Scottish heritage lives on

Steve Pyle of Athena and Rob McIntyre of Pendleton play during a past Robert Burns Supper in Condon.

A traditional Scottish meal, anecdotes from the annuls of Scottish families who settled in the greater Gilliam County and lively music from the old country will be featured during an upcoming event in Condon.

The Robert Burns Supper is Saturday, with the main program running from 2-5 p.m. at the Condon Elks Lodge, 117 S. Main St. Tickets are $17.50 each or $30 for a couple and are available at the door or in advance at the Condon Times-Journal, 319 S. Main St., Condon.

The celebration is held each year on, or near, the birth date of the famed Scottish poet. Robert Burns, Scotland’s endearing poet laureate, was born on Jan. 25, 1759.

Organizers say the program is informal, with the meal of “haggis, neeps and tatties” served up around 3 p.m. Traditionally, the convivialities and pipe music continue on into the evening, said Mac Stinchfield. The celebration includes the reading of Burns’ works and other stories and poetry, sharing of memorabilia, a shortbread contest and Scottish music.

The tradition of honoring the Scottish heritage of the greater Condon area has been alive for more than a decade, and recalls the celebrations of the 1950s when the Clan MacCleay Pipes and Drums, and Scottish families from miles around, would honor those whose ancestry heralded from Scotland.

During the 14th annual Robert Burns Supper, pipers, drummers, and vocalists are anticipated to come from Athena, Pendleton, Arlington, Redmond, Prineville, Portland, McMinnville and the Carson, Wash., area. Participants will help the Condon community celebrate its Scottish heritage on the 252nd anniversary of the birth of Scotland’s beloved bard. The celebration, which began as a small home gathering, has blossomed and become a favorite wintertime diversion in Condon.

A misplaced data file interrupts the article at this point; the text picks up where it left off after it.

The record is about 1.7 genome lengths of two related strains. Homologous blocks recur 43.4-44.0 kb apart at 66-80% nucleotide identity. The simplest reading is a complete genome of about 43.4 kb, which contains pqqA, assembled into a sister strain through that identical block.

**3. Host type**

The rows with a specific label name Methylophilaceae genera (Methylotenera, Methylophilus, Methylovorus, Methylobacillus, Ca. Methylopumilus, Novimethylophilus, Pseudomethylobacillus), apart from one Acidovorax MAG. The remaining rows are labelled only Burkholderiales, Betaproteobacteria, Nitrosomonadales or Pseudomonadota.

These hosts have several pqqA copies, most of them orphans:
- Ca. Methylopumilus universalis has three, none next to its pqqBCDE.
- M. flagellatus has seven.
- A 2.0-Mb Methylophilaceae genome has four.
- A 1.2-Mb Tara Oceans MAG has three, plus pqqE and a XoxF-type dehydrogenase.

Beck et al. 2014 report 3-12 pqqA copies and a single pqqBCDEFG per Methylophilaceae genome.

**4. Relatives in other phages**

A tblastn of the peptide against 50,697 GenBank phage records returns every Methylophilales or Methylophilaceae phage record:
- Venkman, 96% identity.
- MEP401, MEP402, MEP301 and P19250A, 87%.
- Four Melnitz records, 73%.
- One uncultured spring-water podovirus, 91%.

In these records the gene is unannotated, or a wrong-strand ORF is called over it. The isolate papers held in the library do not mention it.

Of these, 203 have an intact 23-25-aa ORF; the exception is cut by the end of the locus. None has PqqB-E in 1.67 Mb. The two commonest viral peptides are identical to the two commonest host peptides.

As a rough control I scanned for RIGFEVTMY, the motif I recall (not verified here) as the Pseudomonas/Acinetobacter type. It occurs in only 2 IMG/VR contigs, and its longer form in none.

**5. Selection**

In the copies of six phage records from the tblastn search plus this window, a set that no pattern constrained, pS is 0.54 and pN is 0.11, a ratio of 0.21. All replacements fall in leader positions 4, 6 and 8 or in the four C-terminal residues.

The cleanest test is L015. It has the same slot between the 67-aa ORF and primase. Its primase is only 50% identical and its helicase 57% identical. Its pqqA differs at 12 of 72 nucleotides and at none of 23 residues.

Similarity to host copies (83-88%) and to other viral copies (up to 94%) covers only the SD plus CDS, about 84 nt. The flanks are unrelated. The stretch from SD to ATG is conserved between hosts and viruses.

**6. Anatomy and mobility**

Area folks of Scottish heritage are encouraged to search through their family lore for diaries, notes, photographs and other memorabilia, and to share the information at the gathering.

In the early days of settlement in Gilliam County, an organization known as the Caledonian Society was formed by those who arrived early, to help fellow Scots still arriving to find work and housing. During the 1950s and early ’60s, celebrations to honor the early Scottish settlers were held at Condon, John Day, Dayville and other areas where Scots settled. As the Scottish pioneers passed away, the celebrations honoring them seemed to fade away as well.

The purpose of the rejuvenated tradition is to honor the Scottish heritage of the area. The written documentation of the area’s Scottish families will become a valuable genealogical and research compilation of the area and its people. Those who attend are invited to take a run at the podium to talk of their family’s earlier years.

For more information, contact Stinchfield at times-journal@jncable.com or 541-384-2421.

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